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Released: May 24th 2016
Series: Sugar Bowl #1
“…the first book in her newest series, Sugar Bowl, just didn’t appeal to me like I was hoping it would.”
~ Under the Covers
Usually, I am a fan of Sawyer Bennett’s books. I really enjoyed her Last Call series that she published back in 2014. I also liked her “spin” of the Tarzan legend, in Uncivilized.
But the first book in her newest series, Sugar Bowl, just didn’t appeal to me like I was hoping it would.
First off, Sugar Daddy is not a book for everyone. The book has flashbacks of a rape that happened to the heroine, Sela, when she is a young teen. So, be warned. There are graphic details about the rape and it is a very difficult read. And these disturbing details happen at the very beginning of the book.
Not much is given on the lead-up of the rape, but Sela was drugged and repeatedly violated by three mysterious older guys. Sela can only remember bits and pieces. A phoenix tattoo, one man who was referred to as J.T. Brown eyes. Laughter. Pain. And thinking she somehow deserved it.
Fast-forward several years and Sela is now in college, in a not-even-remotely-serious relationship with Mark, and working hard toward her degree. Her past comes crashing down around her when she spots one of her attackers on the news. J.T, aka Jonathon Townsend, one of the owners of the Sugar Bowl, is worth a ton of money when he and business partner, Beckett North start up a very unusual business. She recognizes the red phoenix tatt across his torso and his brown eyes. There is no mistaking he is one of the men who raped her.
And she plots out her murderous revenge.
Sugar Bowl is a website business cleverly disguised as prostitution…erm…companionship, where members pay a fee (Sugar Daddies) for young women (Sugar Babies). There is nothing about sex in these contracts, but let’s be real here, folks. It’s implied. And it happens.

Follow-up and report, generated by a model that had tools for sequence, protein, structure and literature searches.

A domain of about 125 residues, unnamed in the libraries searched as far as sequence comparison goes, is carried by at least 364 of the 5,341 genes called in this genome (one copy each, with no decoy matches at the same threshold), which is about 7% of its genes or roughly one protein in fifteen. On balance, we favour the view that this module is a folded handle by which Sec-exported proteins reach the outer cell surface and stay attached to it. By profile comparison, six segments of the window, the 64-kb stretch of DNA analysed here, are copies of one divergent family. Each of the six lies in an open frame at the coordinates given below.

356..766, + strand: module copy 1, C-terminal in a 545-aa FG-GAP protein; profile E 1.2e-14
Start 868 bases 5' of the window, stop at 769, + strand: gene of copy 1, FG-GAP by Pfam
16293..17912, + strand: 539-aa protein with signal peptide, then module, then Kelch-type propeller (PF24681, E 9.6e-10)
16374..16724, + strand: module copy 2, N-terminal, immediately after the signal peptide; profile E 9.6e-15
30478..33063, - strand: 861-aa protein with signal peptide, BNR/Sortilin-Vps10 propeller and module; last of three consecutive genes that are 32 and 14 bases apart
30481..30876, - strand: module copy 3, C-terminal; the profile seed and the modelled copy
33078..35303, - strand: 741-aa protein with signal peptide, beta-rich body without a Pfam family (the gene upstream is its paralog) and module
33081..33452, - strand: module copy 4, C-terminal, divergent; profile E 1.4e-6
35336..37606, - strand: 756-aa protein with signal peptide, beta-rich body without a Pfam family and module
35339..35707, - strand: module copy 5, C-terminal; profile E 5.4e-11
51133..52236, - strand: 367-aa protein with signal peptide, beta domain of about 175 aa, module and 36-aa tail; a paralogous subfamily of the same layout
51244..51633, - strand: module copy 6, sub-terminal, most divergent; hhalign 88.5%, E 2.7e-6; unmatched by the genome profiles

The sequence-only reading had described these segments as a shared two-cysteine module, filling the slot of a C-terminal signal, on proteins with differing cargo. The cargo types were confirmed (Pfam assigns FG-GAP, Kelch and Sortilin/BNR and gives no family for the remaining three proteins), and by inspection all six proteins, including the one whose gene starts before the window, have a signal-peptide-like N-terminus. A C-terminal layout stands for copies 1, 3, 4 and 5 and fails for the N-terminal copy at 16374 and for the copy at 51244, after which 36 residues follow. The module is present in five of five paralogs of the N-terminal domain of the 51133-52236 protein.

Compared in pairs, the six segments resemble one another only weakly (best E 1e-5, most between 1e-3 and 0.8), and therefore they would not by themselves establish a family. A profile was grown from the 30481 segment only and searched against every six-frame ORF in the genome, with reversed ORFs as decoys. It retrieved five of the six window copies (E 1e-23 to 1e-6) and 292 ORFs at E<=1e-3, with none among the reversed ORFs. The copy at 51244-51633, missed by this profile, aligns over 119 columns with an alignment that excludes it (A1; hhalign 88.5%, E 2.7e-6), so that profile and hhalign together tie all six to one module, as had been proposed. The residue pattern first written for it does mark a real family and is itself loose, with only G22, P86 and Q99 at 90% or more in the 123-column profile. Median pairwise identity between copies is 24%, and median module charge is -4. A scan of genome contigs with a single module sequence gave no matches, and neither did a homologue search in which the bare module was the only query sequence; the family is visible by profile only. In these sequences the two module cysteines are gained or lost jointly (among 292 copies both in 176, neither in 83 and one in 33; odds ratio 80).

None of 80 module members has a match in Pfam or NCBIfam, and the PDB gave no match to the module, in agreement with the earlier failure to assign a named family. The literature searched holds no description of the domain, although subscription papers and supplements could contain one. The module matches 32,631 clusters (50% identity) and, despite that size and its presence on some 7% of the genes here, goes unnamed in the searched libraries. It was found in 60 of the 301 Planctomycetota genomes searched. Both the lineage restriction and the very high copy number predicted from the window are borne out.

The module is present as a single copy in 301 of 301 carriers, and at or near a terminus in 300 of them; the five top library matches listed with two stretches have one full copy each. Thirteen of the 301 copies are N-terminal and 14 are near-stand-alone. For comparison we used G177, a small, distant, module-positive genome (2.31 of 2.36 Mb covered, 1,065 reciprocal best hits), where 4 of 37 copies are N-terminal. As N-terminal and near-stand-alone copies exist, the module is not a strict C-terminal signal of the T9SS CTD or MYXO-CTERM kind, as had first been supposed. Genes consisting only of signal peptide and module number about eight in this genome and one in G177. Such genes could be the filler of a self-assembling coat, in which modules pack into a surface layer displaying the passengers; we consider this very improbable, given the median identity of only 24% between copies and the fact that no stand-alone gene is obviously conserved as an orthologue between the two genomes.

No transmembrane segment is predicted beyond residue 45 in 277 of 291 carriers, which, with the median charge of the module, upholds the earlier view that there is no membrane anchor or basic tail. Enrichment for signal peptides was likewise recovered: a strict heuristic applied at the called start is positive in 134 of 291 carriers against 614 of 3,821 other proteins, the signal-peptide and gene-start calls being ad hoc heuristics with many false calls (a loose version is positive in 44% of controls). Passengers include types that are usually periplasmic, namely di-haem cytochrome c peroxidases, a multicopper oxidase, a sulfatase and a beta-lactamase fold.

This was the ick factor for me in the series. The mission of the company was a huge turn off, but I still continued to read. I wanted to see Sela get her revenge.
The story progresses with switching going of views–Sela and Beck, as well as flashbacks to the night she was raped. I felt like the author beat that horse to death. Too many flashbacks and I found myself skimming. It was painful to read. And it really was unnecessary. I already felt empathy for Sela.
Sela plots and schemes her revenge to run into J.T. at a partner, but ends up meeting Beckett, J.T.’s partner, at a party and goes home with him in hopes to find out more info on J.T.
Beck is not one of Sela’s attackers. Let me make that clear. If that had been the case, I would have stopped reading.
What follows is a little predictable—Sela falls for Beckett and questions whether she should give up her revenge on J.T. He is a good man who just runs a questionable business. This is also where the story fell apart for me. Sela was a little TSTL….I thought she should have come clean to Beckett and hang on to the happiness she had with him.
Instead, Sela’s plans come to screeching halt when Beck discovers her sneaking around and —
Overall, Sugar Daddy had good points and bad points. It just wasn’t a solid read for me. Will I continue reading?
Maybe….cause I really want to see J.T. hanging by his balls and drawn and quartered for what he did. I also want to know who the other two men were.
I just have a blech feeling after reading…like a bad aftertaste that I can’t get rid of….so I will have to wait and see if I continue with book two of Sawyer Bennett’s dark and twisted tale.
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